Launch H2o in Hortonworks Sandbox

I wanted to write this blog as many of the users might be desperately looking on how to launch H2o on the Hadoop Sandbox.  Let’s start with a quick introduction of H2o and then we will see how to setup this in your Hortonworks Sandbox 2.3.

What is H2O:

H2O is a statistical, machine learning and math runtime tool for bigdata analysis. Developed by the predictive analytics company, H2O has established a leadership in the ML scene together with R and Databricks’ Spark. According to the team,  H2O is the world’s fastest in-memory platform for machine learning and predictive analytics on big data. It is designed to help users scale machine learning, math, and statistics over large datasets. With H2O, you can make better predictions by harnessing sophisticated, ready-to-use algorithms and the processing power you need to analyze bigger data sets, more models, and more variables.

H2O is for data scientists and business analysts who need scalable and fast machine learning. H2O is an open source predictive analytics platform. Unlike traditional analytics tools, H2O provides a combination of extraordinary math and high performance parallel processing with unrivaled ease of use. H2O speaks the language of data science with support for R, Python, Scala, Java and a robust REST API. Smart business applications are powered by H2O’s NanoFastTM Scoring Engine.

In addition to H2O’s point and click Web-UI, its REST API allows easy integration into various clients. This means explorative analysis of data can be done in a typical fashion in R, Python, and Scala; and entire workflows can be written up as automated scripts.

Now we will see how to Install and Launch a H2o Web User Interface.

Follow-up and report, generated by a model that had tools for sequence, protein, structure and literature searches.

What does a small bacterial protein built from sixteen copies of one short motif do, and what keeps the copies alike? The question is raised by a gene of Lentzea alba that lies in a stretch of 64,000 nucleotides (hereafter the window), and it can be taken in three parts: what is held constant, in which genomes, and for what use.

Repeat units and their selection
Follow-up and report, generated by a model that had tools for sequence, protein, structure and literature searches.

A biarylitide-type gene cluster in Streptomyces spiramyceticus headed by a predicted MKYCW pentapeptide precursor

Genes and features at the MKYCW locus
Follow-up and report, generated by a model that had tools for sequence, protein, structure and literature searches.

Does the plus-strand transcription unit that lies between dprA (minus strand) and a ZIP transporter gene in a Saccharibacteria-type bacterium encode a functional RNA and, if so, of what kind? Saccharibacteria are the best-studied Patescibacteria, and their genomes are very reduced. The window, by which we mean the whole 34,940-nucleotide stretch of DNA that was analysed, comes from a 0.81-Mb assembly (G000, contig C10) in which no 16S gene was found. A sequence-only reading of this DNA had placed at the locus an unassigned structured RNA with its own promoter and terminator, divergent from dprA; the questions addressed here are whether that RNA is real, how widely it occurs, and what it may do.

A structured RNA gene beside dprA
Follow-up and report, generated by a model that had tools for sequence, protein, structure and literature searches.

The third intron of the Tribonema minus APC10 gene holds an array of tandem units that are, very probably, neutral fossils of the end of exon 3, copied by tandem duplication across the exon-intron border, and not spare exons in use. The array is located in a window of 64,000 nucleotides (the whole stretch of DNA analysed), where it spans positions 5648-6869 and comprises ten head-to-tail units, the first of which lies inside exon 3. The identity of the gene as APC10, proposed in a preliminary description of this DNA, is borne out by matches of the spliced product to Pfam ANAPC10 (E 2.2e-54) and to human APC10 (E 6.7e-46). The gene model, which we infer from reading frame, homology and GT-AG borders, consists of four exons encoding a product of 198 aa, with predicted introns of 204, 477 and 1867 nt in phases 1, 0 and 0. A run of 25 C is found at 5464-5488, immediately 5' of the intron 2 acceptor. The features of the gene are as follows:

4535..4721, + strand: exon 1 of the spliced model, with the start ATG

Virtual Box Network Settings:

Please choose the Bridged Adapter Settings in the Virtual Box you have.


Download the Latest H2o Package as below.

I tried with h20 on hdp2.2 package in HDP 2.3 image. It worked.



Unzip and cd to the latest downloaded package


Launch H2o Cluster as below:


Wait until you the message “Blocking Until the H2O Cluster Shuts Down”


Memory Requirements Analysis:      -Xms1g -Xmx1g  -Xms1g -Xmx1g
Extra memory percent:        10     1126

YARN container size ( = -mapperXmx value + (-mapperXmx * -extramempercent [default is 10%])

Please set this in Ambari and restart YARN:

This must be useful when you have your data file exceends 4g. So we need to have yarn memory settings atleast to be 32g.

yarn.nodemanager.resource.memory-mb=32684 mb
yarn.scheduler.maximum-allocation-mb = 32684 mb

The value must be less than the YARN memory configuration values for the launch to succeed.

Launch Command Details:

  • Each H20 Nodes runs as a mapper.
  • We need to run only one mapper per host.
  • There are no Combiners or Reducers used in the H2o launch.
  • -nodes — > The number of H2o nodes to start in the H2o Cluster. Recommended number is 1.
  • -mapperXmx — > The amount of Java Memory Required for each node. This should be larger than your data file size.
  • -output — > This must be a HDFS location where temporary h2o files will get stored. This directory is part of the Hadoop ToolRunner framework that H2o builds on. Before launching this command make sure this directory does not exist.